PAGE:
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ISBA Statehouse Review for the week of January 14, 2016

ISBA Director of Legislative Affairs Jim Covington reviews legislation in Springfield of interest to ISBA members. This week he covers Perjury (House Bill 4400), New power of attorney section (House Bill 4327), Civil justice changes to bodily injury, death or property damage cases (House Bill 4426), Crime Victims Compensation Act (Senate Bill 2151), Civil justice changes (Senate Bill 2153) and Decriminalization of cannabis (House Bill 4357). More information on each bill is available below the video.

Perjury. House Bill 4400 (Drury, D-Highwood) makes it perjury if a person knowingly under oath makes contradictory statements to the degree that one of them is necessarily false in the same or in different proceedings in which an oath or affirmation is required if: (1) each statement was material to the issue or point in question; and (2) each statement was made within the period of the statute of limitations for the offense charged. Makes it a defense if the defendant at the time he or she made each declaration believed the declaration to be true. Just introduced.

New power of attorney section. House Bill 4327 (Bellock, R-Westmont) provides that a parent or legal custodian of a child may execute a power of attorney delegating to another person certain powers regarding the care and custody of the child for a period not to exceed one year or a longer period in the case of a service member. It creates a new power-of-attorney form and new statute for this. Just introduced.

Civil justice changes to bodily injury, death or property damage cases. House Bill 4426 (Sandack, R-Downers Grove) deletes language requiring the court to instruct the jury in writing that the defendant must be found not liable if the jury finds that the contributory fault of the plaintiff is more than 50% of the proximate cause of the injury or damage for which recovery is sought. It replaces it with language providing that the court may not instruct the jury of the consequence of any findings of fault of any plaintiff or defendant under Sections 2-1116 and 2-1117 of the Code of Civil Procedure. It deletes the current language of Section 2-1117 on joint liability and replaces it with language providing that any defendant whose fault is less than 25% of the proximate cause of the injury or damage for which recovery is sought by the plaintiff is severally liable for non-medical damages; and any defendant whose fault is 25% or greater of the proximate cause of the injury or damage for which recovery is sought by the plaintiff is jointly and severally liable for non-medical damages. Just introduced.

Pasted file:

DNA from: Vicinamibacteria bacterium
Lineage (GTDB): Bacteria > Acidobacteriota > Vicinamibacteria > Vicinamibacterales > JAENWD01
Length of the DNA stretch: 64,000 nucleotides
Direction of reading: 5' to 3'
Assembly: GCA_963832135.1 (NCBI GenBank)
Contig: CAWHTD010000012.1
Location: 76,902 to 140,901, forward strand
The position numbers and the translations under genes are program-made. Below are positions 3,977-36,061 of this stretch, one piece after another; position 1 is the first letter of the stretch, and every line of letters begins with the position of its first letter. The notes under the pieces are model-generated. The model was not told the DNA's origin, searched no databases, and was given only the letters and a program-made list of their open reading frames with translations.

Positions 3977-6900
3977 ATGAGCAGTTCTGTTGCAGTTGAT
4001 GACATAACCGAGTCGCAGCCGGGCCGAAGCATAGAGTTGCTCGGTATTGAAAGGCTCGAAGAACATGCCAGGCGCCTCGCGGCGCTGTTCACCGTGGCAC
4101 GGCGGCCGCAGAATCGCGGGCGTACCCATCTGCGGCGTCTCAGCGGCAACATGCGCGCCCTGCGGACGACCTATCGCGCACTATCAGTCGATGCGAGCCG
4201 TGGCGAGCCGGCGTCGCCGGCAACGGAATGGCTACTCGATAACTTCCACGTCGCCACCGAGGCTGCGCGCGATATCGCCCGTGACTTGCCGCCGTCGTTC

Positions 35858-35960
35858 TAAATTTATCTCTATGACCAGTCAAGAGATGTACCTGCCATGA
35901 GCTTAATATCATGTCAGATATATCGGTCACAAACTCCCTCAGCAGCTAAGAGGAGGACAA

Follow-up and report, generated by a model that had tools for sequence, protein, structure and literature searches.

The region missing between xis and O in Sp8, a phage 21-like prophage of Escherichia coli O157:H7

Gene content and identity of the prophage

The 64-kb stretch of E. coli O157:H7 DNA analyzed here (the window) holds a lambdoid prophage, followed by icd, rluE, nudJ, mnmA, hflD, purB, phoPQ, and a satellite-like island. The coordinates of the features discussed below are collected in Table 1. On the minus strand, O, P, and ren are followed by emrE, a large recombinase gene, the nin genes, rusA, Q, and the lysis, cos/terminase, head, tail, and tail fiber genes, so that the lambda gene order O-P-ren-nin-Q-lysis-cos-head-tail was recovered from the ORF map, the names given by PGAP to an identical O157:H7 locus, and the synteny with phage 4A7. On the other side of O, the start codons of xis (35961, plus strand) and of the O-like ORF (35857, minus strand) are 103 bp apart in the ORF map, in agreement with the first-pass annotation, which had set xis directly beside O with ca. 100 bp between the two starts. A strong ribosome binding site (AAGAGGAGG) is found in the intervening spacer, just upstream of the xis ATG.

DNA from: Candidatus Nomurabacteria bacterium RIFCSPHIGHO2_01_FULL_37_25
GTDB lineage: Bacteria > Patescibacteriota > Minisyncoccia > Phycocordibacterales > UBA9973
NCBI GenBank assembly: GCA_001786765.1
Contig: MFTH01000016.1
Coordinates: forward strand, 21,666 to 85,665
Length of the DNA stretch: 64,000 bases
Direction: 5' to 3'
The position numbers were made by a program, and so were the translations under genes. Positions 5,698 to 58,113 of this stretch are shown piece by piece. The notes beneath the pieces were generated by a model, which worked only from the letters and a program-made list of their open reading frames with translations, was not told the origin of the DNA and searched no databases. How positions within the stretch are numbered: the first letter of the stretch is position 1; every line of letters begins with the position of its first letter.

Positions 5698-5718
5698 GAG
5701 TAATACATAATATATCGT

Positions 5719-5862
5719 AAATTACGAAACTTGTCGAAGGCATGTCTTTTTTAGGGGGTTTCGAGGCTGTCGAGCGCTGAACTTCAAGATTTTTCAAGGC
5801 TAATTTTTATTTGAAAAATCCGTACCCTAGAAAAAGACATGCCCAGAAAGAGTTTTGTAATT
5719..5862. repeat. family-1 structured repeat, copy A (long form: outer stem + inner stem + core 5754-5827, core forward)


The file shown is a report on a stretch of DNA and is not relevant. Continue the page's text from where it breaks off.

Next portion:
Crime Victims Compensation Act. Senate Bill 2151 (Silverstein, D-Chicago) amends the Crime Victims Compensation Act to provide that a crime victim or another person may be compensated for legal expenses and court costs related to the enforcement of the crime victim’s rights. Referred to Senate Assignments Committee.

Civil justice changes. Senate Bill 2153 (Radogno, R-Lemont) amends the Code of Civil Procedure to make the following changes. (1) Deletes a provision authorizing an action to be commenced in any county when all defendants are nonresidents of this State. (2) Under current law, corporations and partnerships are considered to be residents of any county in which they are doing business. Senate Bill 2153 limits this provision only if on due inquiry no office can be found in Illinois. (3) Deletes residency for a partnership on the basis that any partner resides in that county. (4) Deletes residency of any insurance company for any county in which a plaintiff or one of the plaintiffs resides. (5) Provides that in actions in which no party is a resident of this State and over which another forum has jurisdiction, the court shall, upon motion, dismiss the action unless the cause of action primarily arise in Illinois or the interests of justice require that the action proceed here. (6) Provides that joint and several liability attaches if a defendant is found to be 50%, rather than 25%, at fault. (7) Limits amounts recovered for medical care, treatment, or services and caretaking expenses to the amounts actually paid for those expenses regardless of the amounts initially billed. Referred to Senate Assignments Committee.

Decriminalization of cannabis. House Bill 4357 (Cassidy, D-Chicago) provides that the possession of 10 grams or less of cannabis is a civil law violation punishable by a minimum fine of $100 and a maximum fine of $200. It doesn’t invalidate or affect any ordinance enacted by any municipality or unit of local government that imposes a fine upon cannabis other than as defined in this Act. Amends Illinois Vehicle Code to provide that a person may not drive or be in actual physical control of any vehicle, snowmobile, or watercraft if the person has, within two hours of driving, a tetrahydrocannabinol (THC) concentration in his or her whole blood or other bodily substance of five nanograms or more of delta-9-tetrahydrocannabinol per milliliter of whole blood or 10 nanograms or more of delta-9-tetrahydrocannabinol per milliliter of other bodily substance from the unlawful consumption of cannabis. Current law imposes per se liability for having any amount in your blood or bodily substance. Just introduced.

Posted on January 14, 2016 by Chris Bonjean
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